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Consumer Information > State Approval, Accreditation & Licensure

Educational Institutions Authorized in Illinois

In considering whether an institution is appropriate to your needs, you should consider three things:

  • Is the institution approved by the state of Illinois?
  • Is the institution accredited by a recognized accrediting body?
  • Does your major require licensing and, if so, does the licensing body recognize your prospective institution’s credentials?

Each of these is discussed below.

State Approval

People are often confused between accreditation and state approval. Quite simply, accreditation is a function that is voluntary. State approval is a different matter. In Illinois, any institution that claims to offer degrees must be approved or recognized by the Illinois Board of Higher Education. You can find a list of these institutions at List of Approved Institutions in Illinois. Out-of-state institutions that have been approved to operate certain programs in Illinois can be found at List of Out-of-State Institutions. New programs are approved by the Board of Higher Education based on compliance with quality criteria.


When you're looking around at Illinois schools, be sure the institution you select is accredited. Accreditation, by various nonprofit bodies, guarantees that the degree granted by an institution meets the accrediting body’s standards of quality and content. While you can find all manner of rankings of colleges and universities, and of individual programs within these institutions, accreditation ensures that the same degrees from different institutions meet a common set of quality standards, and that courses taken at one will likely be accepted by another similarly accredited institution, should you need to transfer. This does not mean that they are all equal, but it means they are somewhat comparable.

There are three basic kinds of accreditation that you should know about when selecting a college or school: regional accreditation, national accreditation, and specialized accreditation. In a nutshell, national accreditation looks at particular kinds of institutions such as theological seminaries; regional accreditation looks at multipurpose institutions such as community colleges and universities; and specialized accreditation looks at particular programs such as teacher certification, nursing, engineering, medicine, and law. To find out more about how accreditation works in the U.S., you may want refer to Council for Higher Education Accreditation or U.S. Department of Education. If you would like to check the accreditation of a specific college, please refer to Institutional Accreditation system or contact the institution.

Unfortunately, some institutions claim accreditation from agencies like the Association of Online Academic Excellence, the World Association of Universities and Colleges, and the Association of Private Colleges and Universities. These organizations are NOT recognized by Council for Higher Education Accreditation (CHEA) or the U.S. Department of Education. Don't be misled by organizations not recognized by the U.S. Department of Education as accrediting agencies.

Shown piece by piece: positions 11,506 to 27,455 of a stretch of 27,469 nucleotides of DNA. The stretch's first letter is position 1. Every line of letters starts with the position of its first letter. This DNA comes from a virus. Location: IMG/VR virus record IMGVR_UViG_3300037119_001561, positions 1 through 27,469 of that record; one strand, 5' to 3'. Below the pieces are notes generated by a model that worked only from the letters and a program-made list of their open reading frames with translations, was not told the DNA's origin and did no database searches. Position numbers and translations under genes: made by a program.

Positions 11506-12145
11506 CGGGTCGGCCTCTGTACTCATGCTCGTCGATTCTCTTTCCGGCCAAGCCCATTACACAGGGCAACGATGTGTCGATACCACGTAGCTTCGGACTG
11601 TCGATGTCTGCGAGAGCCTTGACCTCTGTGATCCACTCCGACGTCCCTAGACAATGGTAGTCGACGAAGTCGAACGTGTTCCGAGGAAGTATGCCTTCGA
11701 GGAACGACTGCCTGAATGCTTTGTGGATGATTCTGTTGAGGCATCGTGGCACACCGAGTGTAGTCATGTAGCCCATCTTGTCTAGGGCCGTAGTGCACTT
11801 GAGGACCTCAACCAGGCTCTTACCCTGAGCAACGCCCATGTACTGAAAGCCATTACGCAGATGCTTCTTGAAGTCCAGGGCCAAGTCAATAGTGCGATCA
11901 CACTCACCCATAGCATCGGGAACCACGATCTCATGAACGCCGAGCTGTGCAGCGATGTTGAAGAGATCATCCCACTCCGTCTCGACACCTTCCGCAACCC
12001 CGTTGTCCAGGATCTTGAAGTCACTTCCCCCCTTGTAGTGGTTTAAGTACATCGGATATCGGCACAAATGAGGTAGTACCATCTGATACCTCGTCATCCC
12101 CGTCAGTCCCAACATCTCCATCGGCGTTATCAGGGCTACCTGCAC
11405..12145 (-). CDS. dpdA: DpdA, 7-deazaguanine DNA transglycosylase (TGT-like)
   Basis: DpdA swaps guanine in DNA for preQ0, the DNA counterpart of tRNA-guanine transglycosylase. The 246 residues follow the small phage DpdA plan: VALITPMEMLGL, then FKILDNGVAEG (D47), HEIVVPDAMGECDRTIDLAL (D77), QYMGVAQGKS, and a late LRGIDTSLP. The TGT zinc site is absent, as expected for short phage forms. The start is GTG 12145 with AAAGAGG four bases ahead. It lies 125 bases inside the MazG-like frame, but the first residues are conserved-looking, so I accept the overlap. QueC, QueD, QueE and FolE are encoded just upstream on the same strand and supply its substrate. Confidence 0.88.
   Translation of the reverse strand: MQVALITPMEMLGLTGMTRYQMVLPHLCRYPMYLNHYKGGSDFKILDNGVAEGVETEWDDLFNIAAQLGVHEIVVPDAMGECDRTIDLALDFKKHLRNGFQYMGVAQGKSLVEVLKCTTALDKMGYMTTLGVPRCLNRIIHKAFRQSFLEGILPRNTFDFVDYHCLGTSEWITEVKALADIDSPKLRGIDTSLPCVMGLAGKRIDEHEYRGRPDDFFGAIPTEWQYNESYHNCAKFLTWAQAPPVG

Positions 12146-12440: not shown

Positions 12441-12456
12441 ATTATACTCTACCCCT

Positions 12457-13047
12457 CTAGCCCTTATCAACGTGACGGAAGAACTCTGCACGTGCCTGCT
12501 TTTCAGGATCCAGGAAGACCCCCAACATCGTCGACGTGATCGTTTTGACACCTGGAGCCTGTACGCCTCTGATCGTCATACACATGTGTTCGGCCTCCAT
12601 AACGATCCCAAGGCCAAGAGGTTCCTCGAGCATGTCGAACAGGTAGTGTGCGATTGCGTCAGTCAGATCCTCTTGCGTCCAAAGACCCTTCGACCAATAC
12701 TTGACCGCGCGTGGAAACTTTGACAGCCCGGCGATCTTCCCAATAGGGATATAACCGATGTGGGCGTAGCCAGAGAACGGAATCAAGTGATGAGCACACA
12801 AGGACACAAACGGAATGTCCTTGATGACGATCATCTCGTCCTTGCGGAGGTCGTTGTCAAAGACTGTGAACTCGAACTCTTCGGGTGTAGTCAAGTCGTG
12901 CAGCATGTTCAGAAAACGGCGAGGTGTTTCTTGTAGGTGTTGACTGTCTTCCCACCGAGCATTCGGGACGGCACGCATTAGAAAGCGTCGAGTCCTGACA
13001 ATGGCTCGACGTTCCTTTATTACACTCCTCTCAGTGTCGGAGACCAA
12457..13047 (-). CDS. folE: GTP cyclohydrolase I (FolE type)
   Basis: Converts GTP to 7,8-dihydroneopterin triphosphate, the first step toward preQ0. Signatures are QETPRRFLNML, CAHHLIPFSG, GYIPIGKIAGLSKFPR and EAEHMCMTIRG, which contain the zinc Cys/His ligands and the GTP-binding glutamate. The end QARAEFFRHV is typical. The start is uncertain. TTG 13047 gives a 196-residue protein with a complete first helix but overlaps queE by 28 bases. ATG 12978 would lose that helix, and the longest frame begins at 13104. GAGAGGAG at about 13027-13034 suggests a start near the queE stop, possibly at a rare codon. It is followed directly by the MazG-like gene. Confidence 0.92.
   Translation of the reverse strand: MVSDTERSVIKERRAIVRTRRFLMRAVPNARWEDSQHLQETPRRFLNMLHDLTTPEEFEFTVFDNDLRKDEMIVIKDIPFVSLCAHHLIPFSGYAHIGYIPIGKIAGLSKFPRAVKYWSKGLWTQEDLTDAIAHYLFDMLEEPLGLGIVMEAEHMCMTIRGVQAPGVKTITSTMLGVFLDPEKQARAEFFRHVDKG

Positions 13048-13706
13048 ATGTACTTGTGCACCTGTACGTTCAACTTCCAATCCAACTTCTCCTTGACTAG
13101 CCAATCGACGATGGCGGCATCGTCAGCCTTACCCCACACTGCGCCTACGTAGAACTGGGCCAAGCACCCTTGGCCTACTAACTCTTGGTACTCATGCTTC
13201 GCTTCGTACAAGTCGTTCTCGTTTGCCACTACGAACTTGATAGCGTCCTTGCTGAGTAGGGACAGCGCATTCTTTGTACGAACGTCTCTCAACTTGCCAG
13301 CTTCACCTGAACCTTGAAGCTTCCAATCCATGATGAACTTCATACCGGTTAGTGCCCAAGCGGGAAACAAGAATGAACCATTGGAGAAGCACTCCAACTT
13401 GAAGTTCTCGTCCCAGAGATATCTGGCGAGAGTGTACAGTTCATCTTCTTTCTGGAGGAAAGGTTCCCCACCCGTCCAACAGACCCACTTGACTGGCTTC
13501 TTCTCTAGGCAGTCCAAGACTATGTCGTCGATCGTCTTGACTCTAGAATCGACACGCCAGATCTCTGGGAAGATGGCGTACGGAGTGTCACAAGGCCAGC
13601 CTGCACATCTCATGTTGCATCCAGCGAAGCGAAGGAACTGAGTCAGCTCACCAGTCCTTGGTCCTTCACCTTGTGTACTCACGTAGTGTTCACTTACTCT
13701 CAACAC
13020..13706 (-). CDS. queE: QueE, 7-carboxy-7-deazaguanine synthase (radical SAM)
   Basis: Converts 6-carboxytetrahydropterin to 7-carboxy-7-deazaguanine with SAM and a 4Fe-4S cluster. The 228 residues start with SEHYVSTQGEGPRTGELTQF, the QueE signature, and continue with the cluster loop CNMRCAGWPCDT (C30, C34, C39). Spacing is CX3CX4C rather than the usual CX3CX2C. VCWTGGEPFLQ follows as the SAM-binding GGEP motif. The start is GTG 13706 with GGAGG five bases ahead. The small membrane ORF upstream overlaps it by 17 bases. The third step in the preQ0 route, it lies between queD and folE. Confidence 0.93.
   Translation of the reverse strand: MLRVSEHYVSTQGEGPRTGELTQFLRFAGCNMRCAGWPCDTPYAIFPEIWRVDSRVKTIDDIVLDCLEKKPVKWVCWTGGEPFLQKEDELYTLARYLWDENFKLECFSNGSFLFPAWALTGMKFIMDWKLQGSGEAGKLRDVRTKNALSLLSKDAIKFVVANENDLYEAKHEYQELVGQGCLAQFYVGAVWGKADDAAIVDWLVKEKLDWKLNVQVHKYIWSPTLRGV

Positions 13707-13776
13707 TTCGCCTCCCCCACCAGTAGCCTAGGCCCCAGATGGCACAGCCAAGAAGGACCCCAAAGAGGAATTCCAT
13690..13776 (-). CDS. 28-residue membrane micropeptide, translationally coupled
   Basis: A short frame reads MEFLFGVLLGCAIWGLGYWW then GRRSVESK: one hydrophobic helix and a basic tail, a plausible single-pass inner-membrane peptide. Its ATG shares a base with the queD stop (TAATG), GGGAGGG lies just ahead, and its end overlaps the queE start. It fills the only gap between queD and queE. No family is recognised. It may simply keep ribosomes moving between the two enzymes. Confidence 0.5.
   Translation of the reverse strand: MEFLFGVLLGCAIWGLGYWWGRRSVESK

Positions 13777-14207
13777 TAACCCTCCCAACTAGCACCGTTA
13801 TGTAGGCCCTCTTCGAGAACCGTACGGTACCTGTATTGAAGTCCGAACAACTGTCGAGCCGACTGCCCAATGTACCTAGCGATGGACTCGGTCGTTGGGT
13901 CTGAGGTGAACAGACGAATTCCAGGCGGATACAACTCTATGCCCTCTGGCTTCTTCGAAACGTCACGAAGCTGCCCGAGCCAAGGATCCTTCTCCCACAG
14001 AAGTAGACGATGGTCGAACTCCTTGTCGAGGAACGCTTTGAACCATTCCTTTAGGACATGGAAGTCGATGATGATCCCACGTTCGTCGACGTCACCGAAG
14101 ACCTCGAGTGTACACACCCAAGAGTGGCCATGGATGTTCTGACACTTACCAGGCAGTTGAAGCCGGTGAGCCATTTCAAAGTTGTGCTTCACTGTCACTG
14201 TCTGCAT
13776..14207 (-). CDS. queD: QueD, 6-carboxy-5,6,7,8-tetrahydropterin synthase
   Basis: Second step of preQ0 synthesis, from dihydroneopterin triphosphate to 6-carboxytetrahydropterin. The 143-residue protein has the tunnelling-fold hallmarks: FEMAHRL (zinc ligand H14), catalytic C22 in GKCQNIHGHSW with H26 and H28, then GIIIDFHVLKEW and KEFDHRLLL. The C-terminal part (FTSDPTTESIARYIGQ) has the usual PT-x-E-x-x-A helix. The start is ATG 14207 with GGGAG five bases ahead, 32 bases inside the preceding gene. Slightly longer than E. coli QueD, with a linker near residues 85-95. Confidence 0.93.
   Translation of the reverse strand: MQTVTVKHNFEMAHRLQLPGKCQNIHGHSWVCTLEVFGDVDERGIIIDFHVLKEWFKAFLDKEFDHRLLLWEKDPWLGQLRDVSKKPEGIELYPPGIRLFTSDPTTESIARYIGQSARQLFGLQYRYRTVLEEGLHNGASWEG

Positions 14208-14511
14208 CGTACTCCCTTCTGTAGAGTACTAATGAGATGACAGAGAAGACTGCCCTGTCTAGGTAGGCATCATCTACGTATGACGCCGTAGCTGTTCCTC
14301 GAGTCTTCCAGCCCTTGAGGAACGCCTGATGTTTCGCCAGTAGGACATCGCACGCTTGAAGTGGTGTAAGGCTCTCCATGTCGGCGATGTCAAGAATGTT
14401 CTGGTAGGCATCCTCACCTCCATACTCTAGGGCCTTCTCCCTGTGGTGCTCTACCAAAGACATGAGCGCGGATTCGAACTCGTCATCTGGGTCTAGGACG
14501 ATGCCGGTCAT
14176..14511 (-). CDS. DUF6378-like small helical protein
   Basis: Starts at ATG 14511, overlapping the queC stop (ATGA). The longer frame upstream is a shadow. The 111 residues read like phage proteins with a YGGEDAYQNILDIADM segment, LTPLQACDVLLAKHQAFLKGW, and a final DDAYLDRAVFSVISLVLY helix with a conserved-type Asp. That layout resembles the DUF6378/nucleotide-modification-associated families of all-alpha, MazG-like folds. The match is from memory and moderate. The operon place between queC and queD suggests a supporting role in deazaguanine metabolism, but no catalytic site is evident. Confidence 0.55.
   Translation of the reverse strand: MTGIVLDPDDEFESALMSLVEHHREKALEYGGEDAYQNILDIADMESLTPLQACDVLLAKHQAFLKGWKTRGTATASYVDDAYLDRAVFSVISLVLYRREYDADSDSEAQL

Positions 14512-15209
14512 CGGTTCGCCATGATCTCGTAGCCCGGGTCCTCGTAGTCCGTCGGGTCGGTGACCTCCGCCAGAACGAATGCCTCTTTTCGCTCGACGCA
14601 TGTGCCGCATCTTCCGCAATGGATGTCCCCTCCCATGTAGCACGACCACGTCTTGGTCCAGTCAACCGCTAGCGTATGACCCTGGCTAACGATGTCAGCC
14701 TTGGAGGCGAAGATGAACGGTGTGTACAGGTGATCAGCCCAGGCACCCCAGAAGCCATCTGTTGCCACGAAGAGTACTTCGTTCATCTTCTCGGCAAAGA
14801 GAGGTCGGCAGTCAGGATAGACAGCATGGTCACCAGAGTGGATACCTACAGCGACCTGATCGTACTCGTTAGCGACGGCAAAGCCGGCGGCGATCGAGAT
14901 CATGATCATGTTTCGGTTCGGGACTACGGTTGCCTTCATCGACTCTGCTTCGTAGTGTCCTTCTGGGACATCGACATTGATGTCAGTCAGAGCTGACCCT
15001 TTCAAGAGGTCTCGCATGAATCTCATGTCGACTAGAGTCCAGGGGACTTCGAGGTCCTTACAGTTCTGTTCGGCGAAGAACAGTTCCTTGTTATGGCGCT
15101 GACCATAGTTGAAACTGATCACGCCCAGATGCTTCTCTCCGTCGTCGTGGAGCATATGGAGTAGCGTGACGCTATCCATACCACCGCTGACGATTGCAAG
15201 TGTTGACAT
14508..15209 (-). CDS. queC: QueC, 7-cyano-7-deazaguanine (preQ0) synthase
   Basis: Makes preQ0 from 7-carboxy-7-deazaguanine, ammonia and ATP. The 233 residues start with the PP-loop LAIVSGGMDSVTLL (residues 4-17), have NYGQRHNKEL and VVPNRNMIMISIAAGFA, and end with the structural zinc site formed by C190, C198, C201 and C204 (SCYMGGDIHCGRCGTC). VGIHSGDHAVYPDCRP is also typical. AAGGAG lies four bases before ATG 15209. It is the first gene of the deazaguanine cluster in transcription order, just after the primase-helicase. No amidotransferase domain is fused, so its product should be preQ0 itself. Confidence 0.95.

Professional Licensure, Registration, or Certification

Each state licenses, registers, and/or certifies certain occupations. This is a function distinct from higher education. For example, the practice of medicine and law are regulated in each state, and persons seeking to practice these professions must obtain a license to do so. To become licensed, a certain amount or type of education is commonly required, but not always. In Illinois, there are approximately 20 agencies that regulate, in one form or another, practice in occupations ranging from art auction house owners to wild game and bird breeders to optometrists. You should check with the college or university you are considering attending to make sure that its programs allow you to become licensed, registered, or certified in the profession you wish to enter after completing your education. The general distinctions between these are*:

  • Licensure: This is the most restrictive form of occupational regulation. It prohibits anyone from engaging in the occupational activities without permission from a government agency designated by a licensing law to issue such a license (e.g. licensed practical nurse).

  • Certification: Unlike licensure, this regulation method does not legally prohibit individuals from engaging in the regulated occupation. However, it prohibits individuals from using a specified title. For example, anyone may practice accounting but only those persons who meet state and occupational standards may call themselves “certified public accountants.”

  • Registration: A very general term that sometimes means title control as discussed above under ”certification,” or it may simply mean that the law requires an individual who wishes to engage in a given occupation to register with a designated government agency (e.g. registered lobbyist).

* Illinois: State Licensed, Certified and Registered Occupation, Illinois Occupational Information Coordinating Committee, Springfield, Illinois, November 2001

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